Is it a good time to get a fat transfer breast augmentation after I lose a significant amount of weight? (23)

At the end of my weight loss I will be down about 100lbs. (240 down to 140, I'm 5'6"). Is it a good idea to get a fat transfer done immediately after my weight settles? I've heard that the "weightloss resistant" fat cells would be left at that point. I'm not sure if there's any truth to that. Thanks!

Doctor Answers 6

Breast Fat Transfer/ Breast Augmentation/Breast Implants/Anatomic Gummy Bear Implants/ Silicone Implants/Breast Implant Revision

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I appreciate your question.

Congratulations on your weight loss!

For health and safety reasons, best to be at a BMI less than 30 or within 10 pounds of your goal weight and stable at that weight for 6 months prior to surgery for optimal results.

The best way to assess and give true advice would be an in-person exam.

Please see a board-certified plastic surgeon that specializes in aesthetic and restorative plastic surgery.

Best of luck!

Dr. Schwartz

Board Certified Plastic Surgeon



Timing is important in fat transfers

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but you must also have decent tissue to fill and not droop with weight loss.  Get down to your weight you can easily maintain and then pursue fat grafting, if indicated and felt to achieve  your desired results.  There are plenty of doctors that can graft fat so choose wisely.  The better ones may employ some kind of system to process the fat and even do more, such as adding PRP (if ever found to be truly effective).

Curtis Wong, MD
Redding Plastic Surgeon
4.8 out of 5 stars 33 reviews

When to fat transfer with weight loss

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You got it! Think of it... there are a set number of fat cells in your body. These cells grow and shrink according to your weight and where you genetically programmed to have fat. The cell reacts the same, even after transfer. If you are at a heavy weight, your surgeon may transfer cells destined to get a lot smaller if you lose weight, what a waste! My strong advice is go into the surgery extra skinny and gain a few pounds after. I've had over 100% with the patients really committed to this. NEVER fatten up for surgery, as many patients think. You'll just lose the weight later and then have a less successful result.

Lisa Cassileth, MD, FACS
Beverly Hills Plastic Surgeon
4.7 out of 5 stars 16 reviews

S it a good time to get a fat transfer breast augmentation after I lose a significant amount of weight?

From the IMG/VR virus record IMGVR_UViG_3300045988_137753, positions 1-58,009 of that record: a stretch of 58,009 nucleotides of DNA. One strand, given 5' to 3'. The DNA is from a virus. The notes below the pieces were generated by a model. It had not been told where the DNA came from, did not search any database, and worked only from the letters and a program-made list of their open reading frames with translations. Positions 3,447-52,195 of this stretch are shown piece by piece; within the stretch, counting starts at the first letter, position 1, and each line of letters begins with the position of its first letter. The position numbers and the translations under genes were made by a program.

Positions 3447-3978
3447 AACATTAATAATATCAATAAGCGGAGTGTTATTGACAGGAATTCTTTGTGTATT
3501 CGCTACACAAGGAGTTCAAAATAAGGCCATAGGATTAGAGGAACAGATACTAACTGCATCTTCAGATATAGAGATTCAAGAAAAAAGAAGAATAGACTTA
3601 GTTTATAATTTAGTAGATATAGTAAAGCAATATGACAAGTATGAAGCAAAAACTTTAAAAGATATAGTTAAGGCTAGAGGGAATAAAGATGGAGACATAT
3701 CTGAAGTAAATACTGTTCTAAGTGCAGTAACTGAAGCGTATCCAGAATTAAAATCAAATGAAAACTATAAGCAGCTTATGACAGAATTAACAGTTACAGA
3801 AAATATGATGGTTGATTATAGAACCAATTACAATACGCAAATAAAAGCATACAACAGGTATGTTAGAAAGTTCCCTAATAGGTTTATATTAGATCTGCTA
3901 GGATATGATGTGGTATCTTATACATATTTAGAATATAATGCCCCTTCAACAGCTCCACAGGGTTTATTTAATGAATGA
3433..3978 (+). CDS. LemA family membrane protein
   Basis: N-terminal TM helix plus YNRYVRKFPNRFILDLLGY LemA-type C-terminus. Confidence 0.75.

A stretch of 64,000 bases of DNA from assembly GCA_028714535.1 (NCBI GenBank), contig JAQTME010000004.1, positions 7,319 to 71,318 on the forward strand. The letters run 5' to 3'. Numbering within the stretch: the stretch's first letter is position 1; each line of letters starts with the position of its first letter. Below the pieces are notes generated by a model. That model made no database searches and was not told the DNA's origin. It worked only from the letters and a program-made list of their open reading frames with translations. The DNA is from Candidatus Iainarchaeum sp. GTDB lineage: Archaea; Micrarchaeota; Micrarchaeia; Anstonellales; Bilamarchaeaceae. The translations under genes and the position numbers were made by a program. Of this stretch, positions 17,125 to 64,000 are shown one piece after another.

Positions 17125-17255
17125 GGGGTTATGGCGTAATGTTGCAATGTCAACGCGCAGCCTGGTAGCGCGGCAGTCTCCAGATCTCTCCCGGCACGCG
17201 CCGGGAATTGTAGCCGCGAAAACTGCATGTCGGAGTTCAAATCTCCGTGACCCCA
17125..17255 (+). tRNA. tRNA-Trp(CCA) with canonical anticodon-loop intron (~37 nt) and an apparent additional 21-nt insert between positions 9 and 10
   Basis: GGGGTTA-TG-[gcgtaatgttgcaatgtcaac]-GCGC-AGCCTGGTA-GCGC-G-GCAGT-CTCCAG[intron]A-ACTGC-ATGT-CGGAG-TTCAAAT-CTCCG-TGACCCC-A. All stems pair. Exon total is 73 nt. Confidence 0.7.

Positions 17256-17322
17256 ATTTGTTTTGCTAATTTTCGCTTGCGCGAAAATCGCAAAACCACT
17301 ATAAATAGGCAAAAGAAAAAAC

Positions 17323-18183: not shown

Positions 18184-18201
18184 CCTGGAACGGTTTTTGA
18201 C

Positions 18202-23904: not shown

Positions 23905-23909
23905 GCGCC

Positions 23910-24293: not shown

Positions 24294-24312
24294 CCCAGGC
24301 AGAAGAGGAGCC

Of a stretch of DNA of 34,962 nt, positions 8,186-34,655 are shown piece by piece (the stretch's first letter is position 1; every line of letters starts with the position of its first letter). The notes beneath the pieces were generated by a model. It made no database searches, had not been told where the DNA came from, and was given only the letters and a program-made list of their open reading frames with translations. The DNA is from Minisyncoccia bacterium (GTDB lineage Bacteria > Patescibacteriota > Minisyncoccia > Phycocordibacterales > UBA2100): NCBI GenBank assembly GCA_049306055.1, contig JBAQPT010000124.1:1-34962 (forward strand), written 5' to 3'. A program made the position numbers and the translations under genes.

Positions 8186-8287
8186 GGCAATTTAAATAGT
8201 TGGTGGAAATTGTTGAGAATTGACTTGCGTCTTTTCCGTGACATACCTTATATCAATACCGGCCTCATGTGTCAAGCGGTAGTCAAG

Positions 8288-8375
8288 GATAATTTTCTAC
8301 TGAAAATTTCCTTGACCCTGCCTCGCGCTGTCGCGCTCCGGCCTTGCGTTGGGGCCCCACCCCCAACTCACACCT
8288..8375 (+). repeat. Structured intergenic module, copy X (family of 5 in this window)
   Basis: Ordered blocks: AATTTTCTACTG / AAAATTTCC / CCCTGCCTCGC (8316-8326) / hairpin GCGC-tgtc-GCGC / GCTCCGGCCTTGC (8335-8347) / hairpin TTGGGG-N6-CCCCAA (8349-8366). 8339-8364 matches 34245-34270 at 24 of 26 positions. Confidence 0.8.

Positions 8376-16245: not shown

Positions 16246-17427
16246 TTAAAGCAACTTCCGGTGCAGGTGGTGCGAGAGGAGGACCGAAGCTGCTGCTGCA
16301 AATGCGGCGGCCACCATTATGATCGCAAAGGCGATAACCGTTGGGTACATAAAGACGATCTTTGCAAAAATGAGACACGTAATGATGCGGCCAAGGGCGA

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Since the results of fat transfer to the breast are generally much less impressive than placement of implants you should discuss carefully with your ABPS board-certified plastic surgeon the relative indications for implants versus fat transfer.  I am sure it is appealing to consider reduction of fat in unwanted areas to transfer to your breasts but keeping in mind that a significant amount of the transferred fat will not survive may make placement of implants more practical.

Future weight loss will further shrink the results of your fat transfer surgery so please keep this in mind.

Best wishes,

Jon A Perlman M.D., FACS
Diplomate, American Board of Plastic Surgery
Member, American Society for Aesthetic Plastic Surgery (ASAPS)
Beverly Hills, California

Jon A. Perlman, MD
Beverly Hills Plastic Surgeon
5.0 out of 5 stars 34 reviews

Fat transfer vs. implant based augmentation

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I think fat transfer is an okay way to augment the breast a modest amount and can be done when patients are close to their ideal body weight. I continue to prefer my cosmetic results with breast implants - they are more reliable, with a lower revision rate and patients are generally happier.

Fat transfer after weight loss

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Thank you for your question.  Generally, it would be best to be close to your ideal weight and stable at that weight before proceeding with surgery.  Furthermore, weight loss can diminish the volume of a fat transfer.  Be sure to consult with an experienced board certified plastic surgeon.  Good luck! 

Zachary Farris, MD, FACS
Dallas Plastic Surgeon
5.0 out of 5 stars 23 reviews

These answers are for educational purposes and should not be relied upon as a substitute for medical advice you may receive from your physician. If you have a medical emergency, please call 911. These answers do not constitute or initiate a patient/doctor relationship.